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Botany Photo of the Day
In science, beauty. In beauty, science. Daily.

Cucurbita cultivars

Cucurbita cultivars
Cucurbita cultivars

A thank you to Monika (half of monika&manfred@Flickr) for submitting today's photographs taken in Vienna, Austria (original image 1 and original image 2). It's worth the time to browse Monika's photographs, particularly since she has photographs from her travels around the world.

The question to ask with cucurbits is, “What aren't they used for?” If you read The Wild and Wonderful World of Gourds from Wayne Armstrong, you'll learn members of this family were or are used for: food, medicine, ornament, a sweetener, currency, an art medium, containers and eating utensils, pipes, musical instruments and clothing – not a bad list!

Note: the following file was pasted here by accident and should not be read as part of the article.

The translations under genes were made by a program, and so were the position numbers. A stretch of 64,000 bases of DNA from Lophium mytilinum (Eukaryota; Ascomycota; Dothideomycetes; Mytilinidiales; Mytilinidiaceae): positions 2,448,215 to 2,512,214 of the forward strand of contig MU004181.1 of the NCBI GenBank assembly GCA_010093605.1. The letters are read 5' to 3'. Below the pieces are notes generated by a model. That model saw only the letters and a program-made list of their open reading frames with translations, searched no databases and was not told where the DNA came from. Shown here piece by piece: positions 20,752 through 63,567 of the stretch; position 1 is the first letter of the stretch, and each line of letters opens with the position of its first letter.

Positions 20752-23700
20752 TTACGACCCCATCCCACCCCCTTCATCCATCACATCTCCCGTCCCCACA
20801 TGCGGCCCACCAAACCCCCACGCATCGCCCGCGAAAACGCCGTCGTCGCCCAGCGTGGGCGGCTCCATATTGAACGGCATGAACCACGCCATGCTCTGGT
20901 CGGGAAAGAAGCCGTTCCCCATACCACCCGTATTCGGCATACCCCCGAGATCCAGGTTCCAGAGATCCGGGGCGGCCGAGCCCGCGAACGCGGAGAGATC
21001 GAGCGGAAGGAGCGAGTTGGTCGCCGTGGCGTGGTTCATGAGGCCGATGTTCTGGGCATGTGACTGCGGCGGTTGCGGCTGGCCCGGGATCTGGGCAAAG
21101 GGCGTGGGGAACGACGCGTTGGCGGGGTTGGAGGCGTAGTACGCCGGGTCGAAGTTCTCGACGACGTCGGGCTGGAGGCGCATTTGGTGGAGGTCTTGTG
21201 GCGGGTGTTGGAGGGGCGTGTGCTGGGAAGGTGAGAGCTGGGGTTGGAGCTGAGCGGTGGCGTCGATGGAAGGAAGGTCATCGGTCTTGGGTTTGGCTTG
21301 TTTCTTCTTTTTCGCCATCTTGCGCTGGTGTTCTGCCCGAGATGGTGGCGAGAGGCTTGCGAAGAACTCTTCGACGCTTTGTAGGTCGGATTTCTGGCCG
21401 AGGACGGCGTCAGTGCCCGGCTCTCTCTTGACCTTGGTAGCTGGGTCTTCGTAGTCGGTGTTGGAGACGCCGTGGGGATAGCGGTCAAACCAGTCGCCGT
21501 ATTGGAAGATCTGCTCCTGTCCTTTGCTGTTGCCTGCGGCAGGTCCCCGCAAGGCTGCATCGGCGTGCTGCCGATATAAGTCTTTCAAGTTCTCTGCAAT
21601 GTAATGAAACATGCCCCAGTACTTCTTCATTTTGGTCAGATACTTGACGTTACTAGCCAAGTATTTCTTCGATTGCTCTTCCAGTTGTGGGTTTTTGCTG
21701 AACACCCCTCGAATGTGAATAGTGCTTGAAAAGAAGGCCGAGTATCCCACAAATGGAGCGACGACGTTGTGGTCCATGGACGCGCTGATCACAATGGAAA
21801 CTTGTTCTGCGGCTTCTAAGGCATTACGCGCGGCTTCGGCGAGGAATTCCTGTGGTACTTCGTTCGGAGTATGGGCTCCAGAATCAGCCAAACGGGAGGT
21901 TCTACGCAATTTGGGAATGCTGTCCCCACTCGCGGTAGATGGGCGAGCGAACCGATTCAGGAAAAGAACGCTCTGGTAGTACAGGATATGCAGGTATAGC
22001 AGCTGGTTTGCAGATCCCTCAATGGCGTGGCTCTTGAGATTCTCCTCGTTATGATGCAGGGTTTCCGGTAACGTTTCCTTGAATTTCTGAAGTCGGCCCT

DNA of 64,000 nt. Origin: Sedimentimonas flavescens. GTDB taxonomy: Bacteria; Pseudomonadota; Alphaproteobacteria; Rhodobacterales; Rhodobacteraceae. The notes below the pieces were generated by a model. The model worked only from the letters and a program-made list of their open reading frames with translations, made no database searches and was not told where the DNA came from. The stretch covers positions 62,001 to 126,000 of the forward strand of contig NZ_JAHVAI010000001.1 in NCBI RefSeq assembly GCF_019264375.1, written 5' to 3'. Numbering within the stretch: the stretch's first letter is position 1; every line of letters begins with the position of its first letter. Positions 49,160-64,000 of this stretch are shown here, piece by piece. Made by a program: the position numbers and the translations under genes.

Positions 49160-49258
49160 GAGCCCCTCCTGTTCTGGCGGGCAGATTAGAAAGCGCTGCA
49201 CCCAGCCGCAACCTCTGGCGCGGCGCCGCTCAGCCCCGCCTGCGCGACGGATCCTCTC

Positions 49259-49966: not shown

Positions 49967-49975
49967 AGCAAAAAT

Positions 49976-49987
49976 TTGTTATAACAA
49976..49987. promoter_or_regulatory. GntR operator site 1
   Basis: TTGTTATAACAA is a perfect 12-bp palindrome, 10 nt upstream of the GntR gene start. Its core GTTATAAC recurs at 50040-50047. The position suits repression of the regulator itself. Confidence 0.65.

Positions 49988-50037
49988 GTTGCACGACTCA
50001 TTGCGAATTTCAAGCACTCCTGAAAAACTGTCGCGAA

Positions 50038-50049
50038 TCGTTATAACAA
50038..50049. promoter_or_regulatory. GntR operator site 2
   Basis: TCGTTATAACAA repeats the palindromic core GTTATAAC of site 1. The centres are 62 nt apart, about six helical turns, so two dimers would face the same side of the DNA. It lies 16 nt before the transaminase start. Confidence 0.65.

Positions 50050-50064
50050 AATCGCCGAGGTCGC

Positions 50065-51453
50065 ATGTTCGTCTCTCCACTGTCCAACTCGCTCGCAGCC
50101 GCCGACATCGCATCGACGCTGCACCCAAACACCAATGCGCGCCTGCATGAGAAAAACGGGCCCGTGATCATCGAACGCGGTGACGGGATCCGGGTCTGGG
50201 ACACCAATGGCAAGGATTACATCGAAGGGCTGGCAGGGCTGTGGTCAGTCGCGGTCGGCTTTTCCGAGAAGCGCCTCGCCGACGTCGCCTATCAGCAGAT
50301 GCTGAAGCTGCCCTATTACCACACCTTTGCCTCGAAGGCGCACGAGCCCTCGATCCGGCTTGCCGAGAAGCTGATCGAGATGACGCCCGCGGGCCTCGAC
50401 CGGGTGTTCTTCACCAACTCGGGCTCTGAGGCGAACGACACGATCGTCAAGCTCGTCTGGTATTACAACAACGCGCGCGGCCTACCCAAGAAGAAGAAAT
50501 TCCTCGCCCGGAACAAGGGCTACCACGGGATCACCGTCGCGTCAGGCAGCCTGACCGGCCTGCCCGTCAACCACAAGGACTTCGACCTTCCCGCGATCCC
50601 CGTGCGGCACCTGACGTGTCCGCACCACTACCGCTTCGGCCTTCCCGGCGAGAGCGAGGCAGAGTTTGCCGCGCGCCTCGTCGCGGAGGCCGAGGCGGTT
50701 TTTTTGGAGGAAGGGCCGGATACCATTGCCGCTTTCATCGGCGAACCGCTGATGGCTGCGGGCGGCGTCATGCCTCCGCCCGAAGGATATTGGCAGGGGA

I believe most, if not all, of the cucurbits in today's photographs have wild origins in Mexico and South America, though if the pale one is actually a melon (Cucumis melo) instead of a squash, it would have its origin in Africa or southwest Asia. Members of the family are found throughout the tropical, subtropical and warm temperate areas of the world.

As an aside, you'll recall how I mentioned Arbutus menziesii is oft a subject of photographers. For proof, see ngawangchodron's Arbutus menziesii – fifty photographs so far!

4 Comments

Beautiful!! abosultely beautiful!!! well done

and don't forget luffas (loofa) for sponges - see Wikipedia.

I have seen many of these growing and being used dried in central and south central Kentucky. In some isolated rural districts in that area without plumbing, they are used as a very large spoon would be used in buckets of water or a shallow water well, thereby earning their name of "dipper," e.g. "Would you like me to dip you a dipper-full to drink"?

Elisabeth F sent me a note suggesting that the pale cucurbit is likely the rounded end of a butternut squash – seems logical to me!

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